Walton was the NBA's Most Valuable Player, 1978; All-NBA First Team, 1978; NBA All-Star Team, 1977 and 1978; NBA Playoff's MVP, 1977; All-NBA second team, 1977; winner of the NBA Sixth Man Award, 1986. Walton is one of only four players in the history of basketball to have won multiple NCAA and multiple NBA Championships. He is also the second of only five players in the history of the NBA to lead the league in both blocked shots and rebounding in the same season. In 1991 Walton received the NBPA’s Oscar Robertson Leadership Awards. In 1993 he was inducted into the Basketball Hall of Fame in Springfield, Massachusetts. In 1997 Walton was selected as one of the NBA’s Fifty Greatest Players of All Time. Also, in 1997 he was inducted into the National High School Sports Hall of Fame.
After retiring from basketball Walton began his broadcasting career in 1990 as an analyst for the then Prime Ticket Network. Walton worked for CBS Sports in the early 90’s and then for NBC for many years, including work on the 1996 Atlanta and 2000 Sydney Summer Olympic Games. Over his career he’s also done broadcasting work for ABC, ESPN, FOX, MSNBC, Turner Sports, KCAL, NESA and the NBA. Walton has been nominated for numerous Emmy Awards and in 2001 won an Emmy for Best Live Sports Television Broadcast. The southern California Sports Broadcasters Association has several times honored Walton with the Best Television Analyst/Commentator Award. In 2009, he was named one of the top 50 sports broadcasters of all time by the American Sportscasters Association.
In June 21, 2001, Walton was named as the inaugural inductee into the Grateful Dead Hall of Honor.
Love of sports runs in the Walton’s family. He and his older brother Bruce (UCLA 1973) are the only brother combination in history to have played in the Super Bowl and to have won an NBA Championship. Walton and his third son Luke are only the third father/son pairing to have ever won NBA Championships. They are also the only father/son combination in history to have each won multiple NBA Championships.
Walton is active with many organizations and charities. For his efforts, in 2002 he received the NBA Retired Players Association Humanitarian Award. He is executive chairman of Connect SD Sport Innovators (SDSI), a non-profit, business-accelerating, trade organization that connects and drives the growth of Southern California's vibrant sports economy by offering innovative programs and services for startups, mature companies and service providers. Walton is also a board member for the Junior Seau foundation. Walton is also involved in numerous Internet ventures, providing content and business acumen.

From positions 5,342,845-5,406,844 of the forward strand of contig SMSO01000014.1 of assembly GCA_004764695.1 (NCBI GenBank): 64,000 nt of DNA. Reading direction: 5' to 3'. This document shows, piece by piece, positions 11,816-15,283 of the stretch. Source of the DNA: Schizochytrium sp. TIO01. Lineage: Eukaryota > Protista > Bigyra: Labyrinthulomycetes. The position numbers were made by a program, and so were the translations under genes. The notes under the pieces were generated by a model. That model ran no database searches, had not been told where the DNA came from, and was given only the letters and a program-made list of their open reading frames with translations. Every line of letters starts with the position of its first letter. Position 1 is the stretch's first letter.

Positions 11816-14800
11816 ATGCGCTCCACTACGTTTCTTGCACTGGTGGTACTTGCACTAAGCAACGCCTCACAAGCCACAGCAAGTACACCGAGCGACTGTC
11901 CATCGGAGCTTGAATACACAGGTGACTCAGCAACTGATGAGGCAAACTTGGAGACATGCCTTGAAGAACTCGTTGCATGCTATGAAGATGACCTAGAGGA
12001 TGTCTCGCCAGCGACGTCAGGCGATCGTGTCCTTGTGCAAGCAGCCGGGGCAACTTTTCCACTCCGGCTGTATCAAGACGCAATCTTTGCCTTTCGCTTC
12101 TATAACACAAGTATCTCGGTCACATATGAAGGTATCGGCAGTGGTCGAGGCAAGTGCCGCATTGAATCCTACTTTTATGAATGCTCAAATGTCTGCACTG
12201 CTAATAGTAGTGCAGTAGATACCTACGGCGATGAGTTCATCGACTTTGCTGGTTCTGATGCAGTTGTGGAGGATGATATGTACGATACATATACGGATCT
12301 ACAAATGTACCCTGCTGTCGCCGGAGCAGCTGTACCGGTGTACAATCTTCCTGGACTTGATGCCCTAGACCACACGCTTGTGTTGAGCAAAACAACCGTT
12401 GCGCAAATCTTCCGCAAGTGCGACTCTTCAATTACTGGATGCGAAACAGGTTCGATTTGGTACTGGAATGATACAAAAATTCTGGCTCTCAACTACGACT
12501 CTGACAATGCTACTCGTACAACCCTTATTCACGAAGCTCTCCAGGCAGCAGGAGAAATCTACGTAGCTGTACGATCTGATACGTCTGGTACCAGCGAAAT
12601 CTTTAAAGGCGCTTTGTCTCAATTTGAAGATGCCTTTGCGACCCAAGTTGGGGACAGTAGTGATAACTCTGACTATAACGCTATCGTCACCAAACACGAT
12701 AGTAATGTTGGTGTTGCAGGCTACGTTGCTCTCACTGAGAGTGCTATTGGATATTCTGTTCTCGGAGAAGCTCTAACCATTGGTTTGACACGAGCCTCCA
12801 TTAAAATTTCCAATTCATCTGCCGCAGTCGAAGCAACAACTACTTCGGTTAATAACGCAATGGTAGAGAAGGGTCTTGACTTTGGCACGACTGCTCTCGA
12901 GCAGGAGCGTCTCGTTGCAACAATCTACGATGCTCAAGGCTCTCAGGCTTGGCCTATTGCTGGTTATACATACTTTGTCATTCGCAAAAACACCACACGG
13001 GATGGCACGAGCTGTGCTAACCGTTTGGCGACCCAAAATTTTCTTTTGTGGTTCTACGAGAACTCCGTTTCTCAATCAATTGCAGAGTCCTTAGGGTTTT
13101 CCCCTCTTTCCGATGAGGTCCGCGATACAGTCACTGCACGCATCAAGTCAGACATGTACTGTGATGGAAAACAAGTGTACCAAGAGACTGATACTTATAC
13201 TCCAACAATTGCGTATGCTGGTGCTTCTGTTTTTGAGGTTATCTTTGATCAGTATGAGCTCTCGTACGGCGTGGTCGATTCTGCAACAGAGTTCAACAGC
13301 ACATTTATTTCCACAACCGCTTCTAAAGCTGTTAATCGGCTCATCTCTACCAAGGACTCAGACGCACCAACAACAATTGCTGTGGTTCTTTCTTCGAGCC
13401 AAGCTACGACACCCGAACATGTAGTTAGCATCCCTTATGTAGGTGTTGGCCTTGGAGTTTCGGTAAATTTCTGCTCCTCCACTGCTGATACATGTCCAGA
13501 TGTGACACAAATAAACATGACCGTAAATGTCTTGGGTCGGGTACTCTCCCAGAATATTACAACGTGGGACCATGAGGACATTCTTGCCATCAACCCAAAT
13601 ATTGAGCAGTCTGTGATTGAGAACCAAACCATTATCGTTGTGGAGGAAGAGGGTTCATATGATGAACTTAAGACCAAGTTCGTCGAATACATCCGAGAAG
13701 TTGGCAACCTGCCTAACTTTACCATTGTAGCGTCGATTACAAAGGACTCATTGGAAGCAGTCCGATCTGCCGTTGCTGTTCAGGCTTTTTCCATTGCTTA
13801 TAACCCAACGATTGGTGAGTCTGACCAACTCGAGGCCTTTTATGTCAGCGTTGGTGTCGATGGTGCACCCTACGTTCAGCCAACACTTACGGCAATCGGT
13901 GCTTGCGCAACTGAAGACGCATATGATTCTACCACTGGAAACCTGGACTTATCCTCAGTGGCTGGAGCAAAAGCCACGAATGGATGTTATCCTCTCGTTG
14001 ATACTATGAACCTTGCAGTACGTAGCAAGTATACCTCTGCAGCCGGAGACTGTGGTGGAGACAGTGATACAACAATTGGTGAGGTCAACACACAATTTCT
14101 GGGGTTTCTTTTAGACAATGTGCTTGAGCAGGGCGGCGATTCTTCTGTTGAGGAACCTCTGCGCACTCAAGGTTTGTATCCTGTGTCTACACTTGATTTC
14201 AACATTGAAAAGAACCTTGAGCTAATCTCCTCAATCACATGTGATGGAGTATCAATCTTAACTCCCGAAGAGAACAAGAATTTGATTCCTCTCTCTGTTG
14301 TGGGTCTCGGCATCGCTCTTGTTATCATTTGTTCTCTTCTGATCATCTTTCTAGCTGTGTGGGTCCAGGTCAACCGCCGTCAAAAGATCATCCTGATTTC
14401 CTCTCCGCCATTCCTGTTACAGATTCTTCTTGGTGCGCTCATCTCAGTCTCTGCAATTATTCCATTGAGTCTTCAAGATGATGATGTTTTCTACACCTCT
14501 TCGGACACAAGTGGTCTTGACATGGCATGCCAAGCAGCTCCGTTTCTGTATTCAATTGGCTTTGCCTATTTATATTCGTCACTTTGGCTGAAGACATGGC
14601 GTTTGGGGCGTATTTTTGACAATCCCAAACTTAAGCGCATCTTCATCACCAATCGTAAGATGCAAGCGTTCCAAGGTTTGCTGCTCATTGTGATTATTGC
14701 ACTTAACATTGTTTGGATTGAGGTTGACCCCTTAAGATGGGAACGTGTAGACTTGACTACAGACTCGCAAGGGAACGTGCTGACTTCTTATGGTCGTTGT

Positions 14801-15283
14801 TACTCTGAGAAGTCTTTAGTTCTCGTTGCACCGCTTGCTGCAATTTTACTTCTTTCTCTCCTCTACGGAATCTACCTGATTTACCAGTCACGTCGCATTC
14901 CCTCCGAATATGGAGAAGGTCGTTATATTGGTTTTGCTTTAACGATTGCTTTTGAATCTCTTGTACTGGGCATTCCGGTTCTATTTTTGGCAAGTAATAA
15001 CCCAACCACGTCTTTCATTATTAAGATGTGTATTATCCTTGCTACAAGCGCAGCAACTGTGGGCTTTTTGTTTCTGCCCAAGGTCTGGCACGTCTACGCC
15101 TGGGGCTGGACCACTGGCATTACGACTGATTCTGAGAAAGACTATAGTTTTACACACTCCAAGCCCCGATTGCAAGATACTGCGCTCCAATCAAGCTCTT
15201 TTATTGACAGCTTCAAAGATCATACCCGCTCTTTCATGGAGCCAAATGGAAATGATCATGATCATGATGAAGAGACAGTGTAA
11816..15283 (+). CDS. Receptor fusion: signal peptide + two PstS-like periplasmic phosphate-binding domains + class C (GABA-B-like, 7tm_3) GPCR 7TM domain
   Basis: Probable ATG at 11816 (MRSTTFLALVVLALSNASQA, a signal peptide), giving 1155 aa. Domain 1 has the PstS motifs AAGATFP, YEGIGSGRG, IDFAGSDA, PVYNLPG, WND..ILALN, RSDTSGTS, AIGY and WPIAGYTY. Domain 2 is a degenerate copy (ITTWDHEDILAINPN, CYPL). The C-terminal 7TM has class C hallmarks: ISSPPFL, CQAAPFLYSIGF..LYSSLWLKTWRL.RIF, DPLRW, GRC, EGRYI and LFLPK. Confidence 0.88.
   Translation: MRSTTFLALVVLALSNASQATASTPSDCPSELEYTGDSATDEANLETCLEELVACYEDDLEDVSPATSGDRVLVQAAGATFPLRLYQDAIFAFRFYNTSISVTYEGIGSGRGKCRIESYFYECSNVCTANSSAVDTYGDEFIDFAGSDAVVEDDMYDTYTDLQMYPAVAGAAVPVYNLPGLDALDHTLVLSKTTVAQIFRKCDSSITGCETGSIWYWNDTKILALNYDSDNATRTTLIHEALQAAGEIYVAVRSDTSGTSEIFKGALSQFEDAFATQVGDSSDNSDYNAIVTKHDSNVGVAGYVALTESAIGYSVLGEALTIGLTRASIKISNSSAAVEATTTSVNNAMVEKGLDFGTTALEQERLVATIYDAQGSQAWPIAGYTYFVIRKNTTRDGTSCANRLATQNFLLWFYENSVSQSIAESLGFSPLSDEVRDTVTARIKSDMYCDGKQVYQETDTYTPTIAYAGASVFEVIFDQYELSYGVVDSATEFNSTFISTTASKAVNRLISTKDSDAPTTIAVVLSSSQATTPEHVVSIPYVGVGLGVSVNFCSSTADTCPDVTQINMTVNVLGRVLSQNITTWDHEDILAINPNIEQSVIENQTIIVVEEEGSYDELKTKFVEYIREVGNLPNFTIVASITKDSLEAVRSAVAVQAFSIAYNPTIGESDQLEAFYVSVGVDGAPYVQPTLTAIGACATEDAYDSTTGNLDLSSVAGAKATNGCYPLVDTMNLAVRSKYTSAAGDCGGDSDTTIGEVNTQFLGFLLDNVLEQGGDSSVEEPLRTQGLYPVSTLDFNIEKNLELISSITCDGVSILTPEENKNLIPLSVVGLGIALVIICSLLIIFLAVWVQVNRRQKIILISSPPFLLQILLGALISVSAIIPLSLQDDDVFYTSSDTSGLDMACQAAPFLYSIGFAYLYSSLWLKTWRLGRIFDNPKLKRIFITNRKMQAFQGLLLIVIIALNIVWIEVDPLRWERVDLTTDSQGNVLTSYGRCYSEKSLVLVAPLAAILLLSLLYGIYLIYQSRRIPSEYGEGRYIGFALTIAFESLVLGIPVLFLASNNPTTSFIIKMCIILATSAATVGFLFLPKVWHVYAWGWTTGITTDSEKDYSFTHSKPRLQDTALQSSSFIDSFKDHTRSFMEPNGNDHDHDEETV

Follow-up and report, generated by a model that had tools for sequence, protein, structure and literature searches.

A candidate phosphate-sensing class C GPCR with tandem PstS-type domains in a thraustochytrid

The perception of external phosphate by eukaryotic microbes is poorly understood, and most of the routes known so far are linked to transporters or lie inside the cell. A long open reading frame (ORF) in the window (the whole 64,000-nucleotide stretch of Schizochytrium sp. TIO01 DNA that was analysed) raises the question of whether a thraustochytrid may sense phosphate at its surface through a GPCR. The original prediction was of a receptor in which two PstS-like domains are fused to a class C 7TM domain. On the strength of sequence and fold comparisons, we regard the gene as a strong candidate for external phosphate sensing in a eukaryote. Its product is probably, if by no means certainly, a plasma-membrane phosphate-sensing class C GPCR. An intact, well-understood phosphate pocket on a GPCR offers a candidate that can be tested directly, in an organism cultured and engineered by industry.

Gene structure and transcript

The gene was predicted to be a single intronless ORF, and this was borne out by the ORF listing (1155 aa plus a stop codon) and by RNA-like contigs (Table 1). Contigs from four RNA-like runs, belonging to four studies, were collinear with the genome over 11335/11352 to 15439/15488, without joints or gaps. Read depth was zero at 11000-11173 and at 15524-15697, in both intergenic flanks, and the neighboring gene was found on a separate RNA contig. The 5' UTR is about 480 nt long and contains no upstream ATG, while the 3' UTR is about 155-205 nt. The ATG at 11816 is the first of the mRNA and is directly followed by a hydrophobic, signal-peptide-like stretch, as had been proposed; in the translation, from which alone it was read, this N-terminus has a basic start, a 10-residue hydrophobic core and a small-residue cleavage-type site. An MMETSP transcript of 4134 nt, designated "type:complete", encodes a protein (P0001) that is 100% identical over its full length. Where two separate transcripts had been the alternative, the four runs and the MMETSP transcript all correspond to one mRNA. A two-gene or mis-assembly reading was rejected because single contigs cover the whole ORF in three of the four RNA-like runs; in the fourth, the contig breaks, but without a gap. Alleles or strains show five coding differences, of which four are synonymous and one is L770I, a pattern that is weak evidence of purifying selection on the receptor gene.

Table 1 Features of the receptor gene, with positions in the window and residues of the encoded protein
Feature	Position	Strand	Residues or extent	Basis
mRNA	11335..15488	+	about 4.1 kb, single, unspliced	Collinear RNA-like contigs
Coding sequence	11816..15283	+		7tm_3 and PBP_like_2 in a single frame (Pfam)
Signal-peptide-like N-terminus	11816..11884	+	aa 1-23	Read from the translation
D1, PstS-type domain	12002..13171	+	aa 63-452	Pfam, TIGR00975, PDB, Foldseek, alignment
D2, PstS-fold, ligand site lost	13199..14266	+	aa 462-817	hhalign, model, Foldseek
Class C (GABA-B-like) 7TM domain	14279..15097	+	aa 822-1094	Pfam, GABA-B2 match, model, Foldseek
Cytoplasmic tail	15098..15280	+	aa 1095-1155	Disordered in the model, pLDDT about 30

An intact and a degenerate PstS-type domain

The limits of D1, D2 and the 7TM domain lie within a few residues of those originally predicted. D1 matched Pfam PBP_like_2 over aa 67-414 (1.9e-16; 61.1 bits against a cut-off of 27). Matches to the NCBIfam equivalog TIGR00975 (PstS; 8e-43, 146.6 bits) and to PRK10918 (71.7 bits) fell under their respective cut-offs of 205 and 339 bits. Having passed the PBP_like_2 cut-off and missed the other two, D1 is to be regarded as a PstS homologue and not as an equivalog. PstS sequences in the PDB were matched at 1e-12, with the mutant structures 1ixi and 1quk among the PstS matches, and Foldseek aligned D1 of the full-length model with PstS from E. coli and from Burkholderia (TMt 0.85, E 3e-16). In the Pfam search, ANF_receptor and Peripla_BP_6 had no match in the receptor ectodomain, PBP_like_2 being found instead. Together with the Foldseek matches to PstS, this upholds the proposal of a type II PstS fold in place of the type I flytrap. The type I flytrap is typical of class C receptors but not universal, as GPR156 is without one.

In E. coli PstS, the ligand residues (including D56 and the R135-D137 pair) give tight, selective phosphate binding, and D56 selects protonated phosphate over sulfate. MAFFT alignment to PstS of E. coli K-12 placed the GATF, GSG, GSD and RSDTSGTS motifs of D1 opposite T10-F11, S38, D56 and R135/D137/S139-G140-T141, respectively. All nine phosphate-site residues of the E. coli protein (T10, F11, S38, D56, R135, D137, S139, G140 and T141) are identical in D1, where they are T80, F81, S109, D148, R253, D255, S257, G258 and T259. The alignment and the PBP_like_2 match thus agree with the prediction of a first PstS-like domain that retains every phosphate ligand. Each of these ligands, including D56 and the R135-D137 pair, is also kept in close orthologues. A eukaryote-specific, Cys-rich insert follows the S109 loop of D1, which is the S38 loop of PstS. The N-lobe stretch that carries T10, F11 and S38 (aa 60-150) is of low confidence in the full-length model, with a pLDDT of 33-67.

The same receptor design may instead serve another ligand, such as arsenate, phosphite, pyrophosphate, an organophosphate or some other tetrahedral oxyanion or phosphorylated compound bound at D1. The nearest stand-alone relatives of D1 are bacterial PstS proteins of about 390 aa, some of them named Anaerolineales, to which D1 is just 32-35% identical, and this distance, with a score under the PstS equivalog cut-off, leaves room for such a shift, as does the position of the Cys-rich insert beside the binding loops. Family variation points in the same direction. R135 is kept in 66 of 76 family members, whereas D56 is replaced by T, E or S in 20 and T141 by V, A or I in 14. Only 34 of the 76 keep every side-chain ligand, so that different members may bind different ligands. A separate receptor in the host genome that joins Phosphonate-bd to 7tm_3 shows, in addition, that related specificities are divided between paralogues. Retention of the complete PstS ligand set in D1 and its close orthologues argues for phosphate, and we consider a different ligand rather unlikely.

Walton is author of "Back from the Dead" and "Nothing but Net." He currently resides in his hometown of San Diego with his wife Lori. They are the proud parents of four sons: Adam, Nathan, Luke and Chris, and the lucky grandparents of Olivia, Chase, Parker, Avery, Patrick, Lawson, Landon, Wilhelmina, and Wolfgang.
LIFE HAPPENS - STAYING JOYFUL IS A CHOICE
Disappointment and troubles are a part of life. But whatever happens to us - remaining joyful is a choice. Bill Walton knows something about that topic. 39 orthopedic surgeries, half his NBA career spent on the injured list, unable to utter two words together without stuttering until he was 28, overcoming that lifelong stutter in order to pursue his dream career of sports broadcaster…it’s been quite a journey for Bill. He could have lost hope but the famed humanitarian and Deadhead (over 1,200 shows seen) is a man who lives by the mantra – “things work out best for people who make the best of the way things work out.” Bill inspires audiences to keep perspective and cultivate the habit of finding joy in the simple things. In fact, his story of resilience and positivity is the theme of the multi-episode ESPN 30 for 30 bio documentary called 'The Luckiest Guy in the World.' Audiences will walk away feeling inspired by Bill's example and motivated to choose joy in their own lives, no matter what life throws their way.